Sub-project 1.The principal applicant, Anne Scott Sørensen, will be responsible for the underlying academic work and model development. As part of the rethinking of the concept of culture and of the relationship between the concept of culture and communication practice, the project will include a survey of cultural policy rationale and the implicit understanding of culture as it has been in evidence in the museological field since the midst of the 20th century (Ingemann & Larsen 2005; Skot-Hansen, 2008). The survey will create an overview of the preconditions for cultural communication by describing the movement in cultural policies from the democratisation of art and culture (1960s-70s) through cultural democracy (1980s-90s) to creative (economic) potential/innovation (2000s) and social-ethical practice (2010s) respectively, with the consequent shift of focus from expertise and education to users and participation. As part of this, there will be an investigation of the thesis in a specific Nordic cultural model that was developed during the first two (modernist) phases and was challenged during the last two (postmodernist) phases as a consequence of new public management thinking, as this thesis was presented in the Nordic project "Nordisk Kulturpolitik under forandring" (Nordic Cultural Policy Change) (Duelund 2003). With regard to international perspectives and trans-national comparison the project will draw on Professor Tony Bennett, University of Western Sidney, Australia, and Professor David Gauntlett, Westminster University, UK and others.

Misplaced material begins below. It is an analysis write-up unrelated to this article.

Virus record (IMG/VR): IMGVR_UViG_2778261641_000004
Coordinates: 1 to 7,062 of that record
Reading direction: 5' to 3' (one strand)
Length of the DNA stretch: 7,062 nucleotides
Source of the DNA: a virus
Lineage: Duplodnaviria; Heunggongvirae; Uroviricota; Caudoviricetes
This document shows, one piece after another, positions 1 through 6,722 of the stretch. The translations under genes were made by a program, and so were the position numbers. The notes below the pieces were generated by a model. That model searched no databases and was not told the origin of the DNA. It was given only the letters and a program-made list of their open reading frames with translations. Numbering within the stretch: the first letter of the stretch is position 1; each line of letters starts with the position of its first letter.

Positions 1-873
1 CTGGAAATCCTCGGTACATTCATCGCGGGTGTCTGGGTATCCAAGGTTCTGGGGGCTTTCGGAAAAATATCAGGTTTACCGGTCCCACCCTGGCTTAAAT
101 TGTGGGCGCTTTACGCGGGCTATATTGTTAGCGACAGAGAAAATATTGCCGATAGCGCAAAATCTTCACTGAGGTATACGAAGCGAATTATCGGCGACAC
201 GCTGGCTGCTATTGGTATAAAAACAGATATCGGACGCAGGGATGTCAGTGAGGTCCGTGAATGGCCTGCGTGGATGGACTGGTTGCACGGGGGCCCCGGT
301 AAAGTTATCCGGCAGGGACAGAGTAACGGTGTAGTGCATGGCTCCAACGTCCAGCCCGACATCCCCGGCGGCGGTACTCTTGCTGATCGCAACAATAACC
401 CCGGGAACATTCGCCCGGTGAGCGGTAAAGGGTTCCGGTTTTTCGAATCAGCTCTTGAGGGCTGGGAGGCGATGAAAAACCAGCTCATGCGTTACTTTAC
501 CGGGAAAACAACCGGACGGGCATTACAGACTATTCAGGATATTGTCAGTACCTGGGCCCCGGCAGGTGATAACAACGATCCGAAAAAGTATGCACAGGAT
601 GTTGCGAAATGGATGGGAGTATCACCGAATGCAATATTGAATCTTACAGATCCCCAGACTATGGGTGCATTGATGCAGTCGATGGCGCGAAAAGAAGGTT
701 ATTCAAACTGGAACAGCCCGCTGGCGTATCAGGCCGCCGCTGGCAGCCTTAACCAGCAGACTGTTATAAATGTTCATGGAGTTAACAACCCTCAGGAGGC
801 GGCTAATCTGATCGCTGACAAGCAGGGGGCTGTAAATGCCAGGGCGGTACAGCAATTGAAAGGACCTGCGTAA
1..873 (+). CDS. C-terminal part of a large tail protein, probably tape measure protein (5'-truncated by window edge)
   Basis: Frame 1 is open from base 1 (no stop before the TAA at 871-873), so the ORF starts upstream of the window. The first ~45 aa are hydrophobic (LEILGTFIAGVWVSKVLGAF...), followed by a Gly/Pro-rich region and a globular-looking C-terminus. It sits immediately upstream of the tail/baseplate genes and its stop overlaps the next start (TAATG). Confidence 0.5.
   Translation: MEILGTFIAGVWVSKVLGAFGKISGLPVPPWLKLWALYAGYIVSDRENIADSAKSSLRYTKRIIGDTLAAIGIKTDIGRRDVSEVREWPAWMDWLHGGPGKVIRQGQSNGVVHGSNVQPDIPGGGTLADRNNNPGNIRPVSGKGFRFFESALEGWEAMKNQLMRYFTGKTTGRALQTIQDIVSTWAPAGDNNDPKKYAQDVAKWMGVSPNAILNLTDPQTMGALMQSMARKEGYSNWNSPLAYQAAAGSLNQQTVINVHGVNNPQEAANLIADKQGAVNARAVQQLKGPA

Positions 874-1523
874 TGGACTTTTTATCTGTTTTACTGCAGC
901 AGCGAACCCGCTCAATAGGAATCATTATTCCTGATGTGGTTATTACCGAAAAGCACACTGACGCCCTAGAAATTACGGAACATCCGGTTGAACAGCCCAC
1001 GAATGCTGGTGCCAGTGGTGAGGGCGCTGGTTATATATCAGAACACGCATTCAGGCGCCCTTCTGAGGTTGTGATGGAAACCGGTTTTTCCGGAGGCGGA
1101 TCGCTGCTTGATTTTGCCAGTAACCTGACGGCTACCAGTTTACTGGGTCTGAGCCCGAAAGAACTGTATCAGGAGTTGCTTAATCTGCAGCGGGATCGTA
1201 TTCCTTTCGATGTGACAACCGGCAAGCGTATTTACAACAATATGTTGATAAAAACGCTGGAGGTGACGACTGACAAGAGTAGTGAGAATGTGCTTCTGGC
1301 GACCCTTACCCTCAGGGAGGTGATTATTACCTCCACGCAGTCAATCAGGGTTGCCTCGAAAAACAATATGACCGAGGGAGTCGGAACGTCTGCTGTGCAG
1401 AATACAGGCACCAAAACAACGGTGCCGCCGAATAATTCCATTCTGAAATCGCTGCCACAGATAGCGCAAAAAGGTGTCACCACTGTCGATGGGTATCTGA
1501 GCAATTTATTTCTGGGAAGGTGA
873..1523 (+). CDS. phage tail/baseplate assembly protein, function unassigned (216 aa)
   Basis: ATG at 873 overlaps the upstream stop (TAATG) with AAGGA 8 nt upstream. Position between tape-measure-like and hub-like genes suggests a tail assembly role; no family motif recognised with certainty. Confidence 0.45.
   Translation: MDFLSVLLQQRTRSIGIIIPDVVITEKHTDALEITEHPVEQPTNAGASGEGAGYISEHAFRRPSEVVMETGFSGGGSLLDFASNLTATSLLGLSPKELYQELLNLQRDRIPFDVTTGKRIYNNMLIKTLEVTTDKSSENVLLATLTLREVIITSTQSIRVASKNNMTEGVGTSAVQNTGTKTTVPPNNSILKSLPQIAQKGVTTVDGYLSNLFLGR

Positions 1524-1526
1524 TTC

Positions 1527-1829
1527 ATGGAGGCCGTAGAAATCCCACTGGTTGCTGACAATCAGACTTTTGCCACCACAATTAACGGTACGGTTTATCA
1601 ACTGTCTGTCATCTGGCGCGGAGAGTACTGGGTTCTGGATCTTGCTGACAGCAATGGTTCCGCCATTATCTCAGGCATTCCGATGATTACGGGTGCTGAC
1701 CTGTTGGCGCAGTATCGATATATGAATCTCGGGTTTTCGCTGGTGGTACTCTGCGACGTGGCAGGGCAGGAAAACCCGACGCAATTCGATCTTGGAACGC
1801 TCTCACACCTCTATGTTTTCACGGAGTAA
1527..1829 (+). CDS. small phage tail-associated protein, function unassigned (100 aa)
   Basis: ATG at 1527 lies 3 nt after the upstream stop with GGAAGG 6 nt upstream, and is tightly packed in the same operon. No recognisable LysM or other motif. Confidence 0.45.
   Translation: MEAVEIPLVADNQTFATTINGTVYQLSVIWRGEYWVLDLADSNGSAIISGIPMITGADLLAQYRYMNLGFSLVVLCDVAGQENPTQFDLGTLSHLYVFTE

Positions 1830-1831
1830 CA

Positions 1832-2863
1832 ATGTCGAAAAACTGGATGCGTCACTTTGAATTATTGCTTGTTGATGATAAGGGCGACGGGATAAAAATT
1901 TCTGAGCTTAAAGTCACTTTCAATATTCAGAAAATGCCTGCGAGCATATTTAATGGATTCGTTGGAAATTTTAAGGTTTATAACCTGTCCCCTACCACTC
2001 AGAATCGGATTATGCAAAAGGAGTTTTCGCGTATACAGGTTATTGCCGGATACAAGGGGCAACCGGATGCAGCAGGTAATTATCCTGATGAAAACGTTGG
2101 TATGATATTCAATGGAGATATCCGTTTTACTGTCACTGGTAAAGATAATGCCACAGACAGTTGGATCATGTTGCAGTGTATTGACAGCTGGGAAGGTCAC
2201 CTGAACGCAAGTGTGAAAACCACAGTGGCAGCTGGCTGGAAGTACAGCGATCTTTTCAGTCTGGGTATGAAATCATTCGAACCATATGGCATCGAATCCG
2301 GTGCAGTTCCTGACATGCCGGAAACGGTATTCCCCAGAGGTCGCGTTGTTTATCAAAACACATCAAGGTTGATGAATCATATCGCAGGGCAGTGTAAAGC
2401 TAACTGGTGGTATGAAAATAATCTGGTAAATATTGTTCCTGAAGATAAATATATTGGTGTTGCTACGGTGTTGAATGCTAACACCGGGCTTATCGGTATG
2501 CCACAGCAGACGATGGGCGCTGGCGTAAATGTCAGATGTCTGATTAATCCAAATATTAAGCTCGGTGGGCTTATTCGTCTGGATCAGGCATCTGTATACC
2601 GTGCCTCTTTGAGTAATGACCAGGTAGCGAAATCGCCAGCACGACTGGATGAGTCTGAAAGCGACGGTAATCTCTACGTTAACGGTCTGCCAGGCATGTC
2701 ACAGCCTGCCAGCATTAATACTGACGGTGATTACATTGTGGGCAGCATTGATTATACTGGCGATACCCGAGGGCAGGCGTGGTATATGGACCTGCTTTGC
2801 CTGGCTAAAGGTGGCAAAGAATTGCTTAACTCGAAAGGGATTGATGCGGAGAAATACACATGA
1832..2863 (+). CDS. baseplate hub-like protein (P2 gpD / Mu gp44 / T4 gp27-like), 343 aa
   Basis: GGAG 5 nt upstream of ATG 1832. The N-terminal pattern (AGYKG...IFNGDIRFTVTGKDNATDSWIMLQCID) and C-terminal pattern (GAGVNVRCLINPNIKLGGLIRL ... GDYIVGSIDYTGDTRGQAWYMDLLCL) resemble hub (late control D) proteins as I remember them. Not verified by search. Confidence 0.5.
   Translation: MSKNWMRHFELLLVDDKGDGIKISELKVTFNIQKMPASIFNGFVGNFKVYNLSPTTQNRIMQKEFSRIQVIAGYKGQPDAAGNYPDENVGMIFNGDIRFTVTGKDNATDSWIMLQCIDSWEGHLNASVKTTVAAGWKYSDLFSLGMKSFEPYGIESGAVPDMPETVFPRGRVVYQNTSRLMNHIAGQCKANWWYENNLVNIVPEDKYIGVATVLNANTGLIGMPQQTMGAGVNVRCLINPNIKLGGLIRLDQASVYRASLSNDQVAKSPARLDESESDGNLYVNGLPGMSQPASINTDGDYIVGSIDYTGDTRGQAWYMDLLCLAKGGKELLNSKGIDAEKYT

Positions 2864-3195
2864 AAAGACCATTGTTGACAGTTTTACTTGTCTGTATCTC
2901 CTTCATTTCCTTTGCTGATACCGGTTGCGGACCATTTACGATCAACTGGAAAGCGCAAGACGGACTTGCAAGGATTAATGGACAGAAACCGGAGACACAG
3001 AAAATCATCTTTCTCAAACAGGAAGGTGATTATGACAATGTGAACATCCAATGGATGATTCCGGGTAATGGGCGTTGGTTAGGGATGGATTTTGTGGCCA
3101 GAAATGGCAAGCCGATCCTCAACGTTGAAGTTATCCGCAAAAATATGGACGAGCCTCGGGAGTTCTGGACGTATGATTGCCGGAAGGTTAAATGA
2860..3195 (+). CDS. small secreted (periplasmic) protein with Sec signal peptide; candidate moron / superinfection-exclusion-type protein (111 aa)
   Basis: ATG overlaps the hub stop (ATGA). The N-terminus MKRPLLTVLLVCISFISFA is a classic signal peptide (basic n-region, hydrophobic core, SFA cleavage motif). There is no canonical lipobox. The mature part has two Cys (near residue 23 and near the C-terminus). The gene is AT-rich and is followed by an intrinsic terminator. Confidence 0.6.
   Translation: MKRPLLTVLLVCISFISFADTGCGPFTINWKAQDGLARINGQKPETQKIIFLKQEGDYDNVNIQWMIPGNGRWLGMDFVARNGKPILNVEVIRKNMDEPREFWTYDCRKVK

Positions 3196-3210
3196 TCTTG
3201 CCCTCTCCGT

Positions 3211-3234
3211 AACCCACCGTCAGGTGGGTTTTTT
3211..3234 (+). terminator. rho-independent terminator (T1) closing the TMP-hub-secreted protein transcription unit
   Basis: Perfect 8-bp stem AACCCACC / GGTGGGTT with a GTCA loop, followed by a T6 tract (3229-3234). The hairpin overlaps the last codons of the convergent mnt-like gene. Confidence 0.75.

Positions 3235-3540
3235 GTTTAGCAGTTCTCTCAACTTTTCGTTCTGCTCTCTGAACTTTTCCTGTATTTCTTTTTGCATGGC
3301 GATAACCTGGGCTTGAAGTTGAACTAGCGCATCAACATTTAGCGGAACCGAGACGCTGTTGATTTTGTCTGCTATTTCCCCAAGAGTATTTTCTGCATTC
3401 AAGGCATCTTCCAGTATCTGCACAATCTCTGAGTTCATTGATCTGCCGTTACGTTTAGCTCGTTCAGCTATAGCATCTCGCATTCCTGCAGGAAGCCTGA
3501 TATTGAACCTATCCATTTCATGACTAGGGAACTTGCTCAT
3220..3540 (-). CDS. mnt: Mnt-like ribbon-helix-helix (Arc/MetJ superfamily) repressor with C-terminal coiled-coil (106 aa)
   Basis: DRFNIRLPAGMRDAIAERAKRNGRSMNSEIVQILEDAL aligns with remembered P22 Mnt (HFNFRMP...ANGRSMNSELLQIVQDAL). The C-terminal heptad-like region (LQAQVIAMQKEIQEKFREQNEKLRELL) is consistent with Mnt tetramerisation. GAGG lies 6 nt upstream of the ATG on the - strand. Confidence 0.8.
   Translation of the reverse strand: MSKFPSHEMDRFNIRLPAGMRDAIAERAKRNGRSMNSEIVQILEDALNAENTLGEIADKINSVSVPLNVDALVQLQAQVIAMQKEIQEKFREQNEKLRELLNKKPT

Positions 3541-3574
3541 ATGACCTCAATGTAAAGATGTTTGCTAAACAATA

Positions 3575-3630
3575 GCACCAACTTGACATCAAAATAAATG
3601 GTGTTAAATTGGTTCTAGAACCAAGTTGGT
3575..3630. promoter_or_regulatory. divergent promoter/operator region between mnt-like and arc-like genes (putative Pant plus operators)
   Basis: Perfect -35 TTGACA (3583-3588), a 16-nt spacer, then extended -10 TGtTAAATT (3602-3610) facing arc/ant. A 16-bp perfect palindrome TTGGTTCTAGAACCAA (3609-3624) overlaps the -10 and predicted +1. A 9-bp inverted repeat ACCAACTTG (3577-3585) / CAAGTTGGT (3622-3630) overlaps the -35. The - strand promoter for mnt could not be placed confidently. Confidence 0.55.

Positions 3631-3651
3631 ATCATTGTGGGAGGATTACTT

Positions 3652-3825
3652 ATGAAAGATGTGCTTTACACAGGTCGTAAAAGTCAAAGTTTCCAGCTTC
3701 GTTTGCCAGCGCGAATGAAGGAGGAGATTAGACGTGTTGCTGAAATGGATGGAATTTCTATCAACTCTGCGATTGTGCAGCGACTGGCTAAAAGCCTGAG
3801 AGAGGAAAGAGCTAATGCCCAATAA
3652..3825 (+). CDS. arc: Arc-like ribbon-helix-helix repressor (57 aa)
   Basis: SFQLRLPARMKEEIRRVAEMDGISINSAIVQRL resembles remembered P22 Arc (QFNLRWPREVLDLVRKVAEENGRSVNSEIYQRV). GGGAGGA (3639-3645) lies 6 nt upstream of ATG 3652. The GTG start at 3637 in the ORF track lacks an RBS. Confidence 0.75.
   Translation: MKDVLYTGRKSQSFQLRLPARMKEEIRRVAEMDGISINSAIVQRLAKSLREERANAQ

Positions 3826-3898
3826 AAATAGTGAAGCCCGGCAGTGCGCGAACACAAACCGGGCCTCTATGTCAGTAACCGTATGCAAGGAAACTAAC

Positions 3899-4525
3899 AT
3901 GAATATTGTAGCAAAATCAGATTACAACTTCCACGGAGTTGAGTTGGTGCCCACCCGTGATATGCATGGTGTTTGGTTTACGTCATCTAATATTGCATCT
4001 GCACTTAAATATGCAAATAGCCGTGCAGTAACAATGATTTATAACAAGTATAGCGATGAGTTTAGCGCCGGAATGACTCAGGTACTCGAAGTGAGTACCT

During sub-project 1, headed by the principal applicant, an updating and re-evaluation of this history with its typological rationale will provide the point of departure for a case study of a classical museum of literary and cultural history, which has been through the entire development: Bakkehus Museum at Frederiksberg. Bakkehus Museum was chosen because of its role as mediator of the national cultural heritage and the history of remembrance, based on the Danish golden age and the challenges it and other similar museums are currently facing. The thesis is that while the museum has hitherto derived its legitimacy on the basis of a view of process of national ”Bildung” and of its strong local ties, it is now faced with the need to reinvent itself in a post-national and post-welfare context, literally in the shadow of the mega-initiative, Carlsberg City.
The project will include on the one hand a historical part, in which the specifically historical elements will be viewed in a general light (based on archive studies, letters and reminiscences, pictorial material and interviews, etc.); and on the other hand a current part which, on the basis of an ethnographic study, (including photo and video documentation and dialogue with users), will provide a point of departure for reflection and development; finally, there will be a comparative part, which will include experience from other museums (of literary and cultural history), national and international that are undergoing a similar process of transition. The project thus comprises three main parts, a historical part, a current part and a comparative part. It will be developed in parallel with the general project, and the model development will be tested in a trial co-ordinated both with the museum and its director, curator Gertrud With, and with the director of the now integrated Frederiksberg Museums, director Michael Eigtved.